Year in Review 2020: Wildlife and Hunting
KDLG takes a look at wildlife and hunting, including stories about a rare muskox sighting, hundreds of missing caribou and some of the fattest bears in the state.
Hunting, fishing, and practicing subsistence in Bristol Bay were welcome reprieves from being cooped up and isolated this year.
But the pandemic affected who hunted this year. Ryan Scott, an assistant director for Fish and Game, said some hunters weary of quarantine and travel restrictions were hesitant to visit.
“I think a lot of hunters are having to really think through how to accomplish the hunt that they want to do and do it responsibly,” Scott explains, “I talked to a fair number of them at this point and they are taking it very seriously."
Management of caribou on the Nushagak Peninsula fluctuated throughout the year. At the outset of the season, federal managers were concerned about lichen there. Andy Aderman, a biologist with Togiak Wildlife Refuge, said caribou on the peninsula had diminished the flora by eating it and trampling it underfoot.
if there’s less snow on the ground lichens could be crushed by caribou. They’re also more accessible and can be eaten that way.
But this summer, around 200 caribou went missing from the peninsula. Biologists expected a population of around 400 animals, but three aerial surveys confirmed only 200 in the area.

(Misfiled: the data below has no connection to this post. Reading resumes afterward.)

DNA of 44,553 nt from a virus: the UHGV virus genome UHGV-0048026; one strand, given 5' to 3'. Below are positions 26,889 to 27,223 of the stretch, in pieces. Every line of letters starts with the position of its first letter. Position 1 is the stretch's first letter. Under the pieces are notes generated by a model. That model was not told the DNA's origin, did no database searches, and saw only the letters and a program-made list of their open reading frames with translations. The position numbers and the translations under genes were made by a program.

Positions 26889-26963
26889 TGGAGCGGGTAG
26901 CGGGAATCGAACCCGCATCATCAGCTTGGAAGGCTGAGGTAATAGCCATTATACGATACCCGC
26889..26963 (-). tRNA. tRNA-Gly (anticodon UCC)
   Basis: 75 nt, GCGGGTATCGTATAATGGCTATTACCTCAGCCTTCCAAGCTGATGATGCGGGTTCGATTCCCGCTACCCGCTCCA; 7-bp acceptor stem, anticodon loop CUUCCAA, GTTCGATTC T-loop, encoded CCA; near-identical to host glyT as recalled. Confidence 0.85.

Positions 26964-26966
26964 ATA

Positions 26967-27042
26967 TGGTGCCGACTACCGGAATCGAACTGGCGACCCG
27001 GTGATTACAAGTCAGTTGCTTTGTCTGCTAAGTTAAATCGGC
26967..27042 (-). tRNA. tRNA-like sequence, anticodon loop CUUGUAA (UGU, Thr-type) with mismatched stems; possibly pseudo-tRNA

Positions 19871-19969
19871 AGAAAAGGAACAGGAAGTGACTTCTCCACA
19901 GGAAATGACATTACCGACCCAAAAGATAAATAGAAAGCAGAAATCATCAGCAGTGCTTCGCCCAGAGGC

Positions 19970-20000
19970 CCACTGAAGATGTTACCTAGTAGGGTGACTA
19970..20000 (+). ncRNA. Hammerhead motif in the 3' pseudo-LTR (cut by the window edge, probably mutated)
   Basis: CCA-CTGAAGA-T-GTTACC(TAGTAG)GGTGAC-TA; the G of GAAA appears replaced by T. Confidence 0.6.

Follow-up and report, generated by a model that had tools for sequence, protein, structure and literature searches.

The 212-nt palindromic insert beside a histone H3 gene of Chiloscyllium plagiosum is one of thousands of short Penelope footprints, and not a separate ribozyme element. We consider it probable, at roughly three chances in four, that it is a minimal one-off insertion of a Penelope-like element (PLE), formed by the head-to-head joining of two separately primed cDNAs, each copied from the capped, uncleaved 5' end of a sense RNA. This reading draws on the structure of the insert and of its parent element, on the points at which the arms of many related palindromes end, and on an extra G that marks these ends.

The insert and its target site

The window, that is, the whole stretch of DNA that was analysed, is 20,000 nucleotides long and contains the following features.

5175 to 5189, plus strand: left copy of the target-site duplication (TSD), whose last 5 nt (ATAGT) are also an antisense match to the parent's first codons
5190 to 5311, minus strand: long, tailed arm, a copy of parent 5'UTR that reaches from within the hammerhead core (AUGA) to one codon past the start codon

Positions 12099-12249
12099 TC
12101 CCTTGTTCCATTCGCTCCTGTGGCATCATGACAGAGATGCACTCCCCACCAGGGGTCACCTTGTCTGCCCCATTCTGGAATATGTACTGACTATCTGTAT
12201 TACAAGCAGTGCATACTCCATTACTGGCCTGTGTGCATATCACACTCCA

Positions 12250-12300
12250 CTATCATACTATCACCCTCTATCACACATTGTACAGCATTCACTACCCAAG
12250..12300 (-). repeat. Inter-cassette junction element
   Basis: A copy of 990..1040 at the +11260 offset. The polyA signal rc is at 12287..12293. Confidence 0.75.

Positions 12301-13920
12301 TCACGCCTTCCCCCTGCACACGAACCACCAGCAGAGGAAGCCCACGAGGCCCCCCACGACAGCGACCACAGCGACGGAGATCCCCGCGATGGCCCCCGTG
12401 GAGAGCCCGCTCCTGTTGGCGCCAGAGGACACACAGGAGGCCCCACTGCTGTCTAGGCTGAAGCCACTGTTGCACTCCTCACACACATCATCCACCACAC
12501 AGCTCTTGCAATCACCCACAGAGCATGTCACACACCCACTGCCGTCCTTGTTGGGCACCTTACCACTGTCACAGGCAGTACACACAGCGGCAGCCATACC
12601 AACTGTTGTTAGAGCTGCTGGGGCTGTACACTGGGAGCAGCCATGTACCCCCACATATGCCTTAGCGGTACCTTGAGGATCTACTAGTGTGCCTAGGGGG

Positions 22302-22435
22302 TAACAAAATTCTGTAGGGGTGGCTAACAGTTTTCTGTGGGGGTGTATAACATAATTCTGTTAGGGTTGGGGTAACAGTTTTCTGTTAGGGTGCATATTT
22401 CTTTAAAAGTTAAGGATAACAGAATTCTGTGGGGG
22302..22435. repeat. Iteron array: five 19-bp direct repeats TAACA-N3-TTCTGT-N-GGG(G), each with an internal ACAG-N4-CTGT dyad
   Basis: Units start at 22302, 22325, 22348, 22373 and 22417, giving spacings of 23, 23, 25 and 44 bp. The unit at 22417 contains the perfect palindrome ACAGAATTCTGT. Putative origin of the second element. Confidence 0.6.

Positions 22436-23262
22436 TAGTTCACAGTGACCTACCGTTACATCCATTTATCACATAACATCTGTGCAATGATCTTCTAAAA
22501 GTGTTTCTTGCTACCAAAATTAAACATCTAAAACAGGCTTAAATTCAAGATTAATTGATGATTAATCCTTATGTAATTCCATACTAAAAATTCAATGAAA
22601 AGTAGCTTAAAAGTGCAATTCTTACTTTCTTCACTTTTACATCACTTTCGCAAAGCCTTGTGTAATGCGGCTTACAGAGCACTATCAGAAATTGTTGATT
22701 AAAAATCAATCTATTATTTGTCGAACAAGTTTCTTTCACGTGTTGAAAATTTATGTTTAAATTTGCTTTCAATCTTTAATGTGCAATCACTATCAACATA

“Last year there was basically a couple hundred animals we’re not exactly sure what happened to them,” explained Kenton Moos, the manager of the Togiak National Wildlife Refuge.
That meant less subsistence hunting for residents in communities like Manokotak, which received just five permits in August for bull caribou.
“Hunting is a big thing, especially for subsistence of big game such as moose and caribou,” said Tribal administrator Melvin Andrew. “Caribou is one of the things that we utilize because it’s just down from our river system, Igushik. Not only is fish important, but also big game such as caribou and moose. It’s our main diet throughout the year, so it’s very important.”
Unit 17 A saw growth in moose populations. But moose in other areas of the region seemed to be on the decline, and the December moose hunt was closed in units 17 B and C.
“We’ve documented really low survival and recruitment of moose calves in 17 and 17C. That issue may have been going on longer before we started to document that issue," said Todd Rinaldi, the Region Four management coordinator for the Alaska Department of Fish and Game. "But the fact that the population has been in decline and that the productivity and survival is low, we are concerned for the population in 17C.”
This fall also brought a rare muskox sighting in Manokotak. Melvin Andrew and his wife Sally spotted the animal on the road.
“She said, ‘a moose! A moose!’ But when I spy-glassed it I saw the telltale sounds of muskox horns. I said some explicit words like, what is he doing here,” Andrew said.
Biologists think the muskox migrated south from the Yukon-Delta National Wildlife Refuge.
Large salmon runs seemed to bolster bodacious bears this fall.“This is probably the fattest fat bear week ever," said Naomi Boak, a media ranger for Katmai National Park. “We had the largest salmon run ever, we had 800,000 salmon come through the Brooks River.
Katmai National Park hosts Fat Bear Week each fall, an online event where fans of the park vote on which bear is deemed the most corpulent of the ursine behemoths.
The park partners with explore.org to livestream videos from Brook’s Falls where viewers can watch as bears catch fish swimming upriver. *image of the bracket*
Bear 747 was crowned the King of Chonk, amassing more than 41,000 votes and estimated to weigh 1,400 pounds. It was his first time as the winner of the competition; he had been a contender in previous years and was declared runner-up in 2019.